This past week we spent a few days in Holmes County. In addition to the beautiful eastern Ohio countryside in this Amish community, there is an abundance of shopping opportunities, handcrafted Amish items, cheese, wine, and lots of delicious home-style food. It is also the area where several of my ancestors lived for awhile on their way westward.
Ohio is often called the Gateway to the West because so many settlers traveled through Ohio, either overland or on one of Ohio’s waterways. When I sat down and thought about it I was surprised at how many of my ancestors not only traveled through Ohio, but actually lived in the Holmes County area for a few years. Below is a list of my ancestors that once resided in the area.
Both the Schumms and the Pfluegers lived in Holmes County in the early 1830s. Both families worshiped with the Evangelical United Zion Congregation in Winesburg, where several family members were married and where some of their children were baptized. Christian Pflueger owned land in the area between Winesburg, Walnut Creek and Berlin. Both families moved to Van Wert County in about 1838. Johann Georg Schumm and Christian Pflueger are my third great-grandfathers.
My great-grandfather John Scaer was born in Baltic in 1864. This little village is actually located in three counties–Coshocton, Holmes, and Tuscarawas–but John’s obituary states that he was born in Tuscarawas County. John’s family later moved to Monroeville, Indiana.
The Baltic branch spelled their name “Scarr” and we found Scarr tombstones in West Lawn Cemetery in Baltic. The Monroeville branch probably changed the spelling to Scaer and some of them later went on to change the spelling to Scare. My mom recalls her mother Hilda and Hilda’s brother Oscar Scaer traveling to Baltic to visit their Scarr relatives.
Nicholas and Ruth (Phillips) Headington left Maryland about 1820 and settled in Knox County for a few years before moving on to Jay County, Indiana. While in Knox County they lived near Mt. Vernon, where several of their children were born. Nicholas was my fifth great-grandfather and fought in the War of 1812.
Louis Breuninger, my second great-grandfather, was living in Canal Dover in 1840. The town is called Dover today and is in Tuscarawas County. By 1850 Louis had moved to Green Bay, Wisconsin, where he married Maria Seckel in 1851. Louis moved his family to the Schumm area by 1870.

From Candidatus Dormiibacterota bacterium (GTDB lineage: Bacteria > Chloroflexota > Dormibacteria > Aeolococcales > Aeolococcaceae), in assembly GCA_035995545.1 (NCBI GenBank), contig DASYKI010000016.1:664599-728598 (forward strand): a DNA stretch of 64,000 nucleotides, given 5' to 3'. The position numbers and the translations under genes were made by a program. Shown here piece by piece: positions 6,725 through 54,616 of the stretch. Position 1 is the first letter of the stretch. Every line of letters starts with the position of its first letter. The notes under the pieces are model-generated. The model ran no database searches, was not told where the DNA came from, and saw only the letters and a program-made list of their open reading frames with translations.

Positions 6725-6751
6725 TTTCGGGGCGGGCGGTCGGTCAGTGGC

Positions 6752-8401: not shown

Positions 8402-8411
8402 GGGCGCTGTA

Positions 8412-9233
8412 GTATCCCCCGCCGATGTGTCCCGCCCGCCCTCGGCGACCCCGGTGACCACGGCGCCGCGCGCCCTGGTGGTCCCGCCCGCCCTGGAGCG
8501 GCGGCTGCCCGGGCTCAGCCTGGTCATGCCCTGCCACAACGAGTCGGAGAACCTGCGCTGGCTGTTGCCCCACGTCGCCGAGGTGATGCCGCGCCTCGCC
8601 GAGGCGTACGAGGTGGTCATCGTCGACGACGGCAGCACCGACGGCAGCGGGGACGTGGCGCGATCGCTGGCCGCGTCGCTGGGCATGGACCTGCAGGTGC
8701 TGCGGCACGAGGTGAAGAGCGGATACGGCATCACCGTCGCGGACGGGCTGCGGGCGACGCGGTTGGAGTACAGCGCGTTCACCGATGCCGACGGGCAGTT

Down the road from Dover is New Philadelphia, where Jackson Brewster and his family stayed for a short time on their way from Fayette County, Pennsylvania, to Adams County, Indiana, between 1860-1870. Jackson is my third great-grandfather.
Joe has at least one ancestor who lived in the area. His fourth great-grandfather Jonathan Grant came to what is now Holmes County in 1809 and is credited as being the first white settler in the county. A street in Wooster is named in his honor and he lived in the area the remainder of his life. He is buried in a private cemetery in Holmes County. McCulloch Cemetery, near Holmesville, is located on a back road, beyond a field, in a thicket, on an Amish farm. We did not visit the cemetery this trip, although I understand that his tombstone has been replaced with a new military marker, noting his Revolutionary War service.
It rained several times during this week’s trip and it probably would have been a muddy mess to get across the field to the cemetery. Perhaps the next visit we will see Jonathan’s new tombstone.
Although this year’s trip was not intended to be a research trip, we did visit the little village of Baltic and walked through West Lawn Cemetery there. We drove through Mt. Vernon and through Centerburg, the geographical center of Ohio, the real Heart of Ohio. We took our time and took the scenic route home and marveled at the beautiful countryside where our ancestors once lived. In 2005 we visited Winesburg and Jonathan Grant’s grave. In the future we plan to visit New Philadelphia and Dover.
[The following is the non-genealogy portion of this post.]
The rain. A couple of our recent trips have been rained out and this is becoming an unfortunate recurring theme for us. Last year we sat through a rain delay at the Great American Ball Park on the Fourth of July. After about four hours of nonstop rain, with no dry weather in sight, the ballgame was cancelled.
This week it rained most of Monday afternoon after we arrived in Berlin and we were drenched the next day in Sugarcreek. The rain stopped after that and we had beautiful weather for the rest of our trip.
A side trip was a detour through a very large marsh. A portion of Route 83 was closed between Wooster and Millersburg and we decided to make our own detour around the closed road. We turned onto the closest road before the road closing with the intent of going “around the block.” The problem is that roads do not make a square in hilly areas. Square blocks are for flat areas, like Mercer County.
The map showed that turning right would take us through Killbuck Marsh Wildlife Area. That sounded interesting. At first. We both like birds and other wildlife. I looked at the detour as an opportunity to see some unusual wildlife in the marsh.
As we drove into the marsh one concern was a sign warning of high water, cautioning travelers not to travel through the marsh during periods of heavy rain. Luckily the road was fairly dry and the rain came later.
It was a marsh all right, with lots of water and lily pads on both sides of the road. In other areas the woods enveloped both sides of the road. We became a little concerned when the pavement ended and we found ourselves driving on a narrow, half-gravel, half-dirt road, in a very forlorn and desolate area.
The only wildlife we saw as we drove through was a dead opossum and a couple buzzards. Eventually we came to pavement again and we did go “around the block.” Sort of.
We look forward to going back to the Holmes County area again in the near future.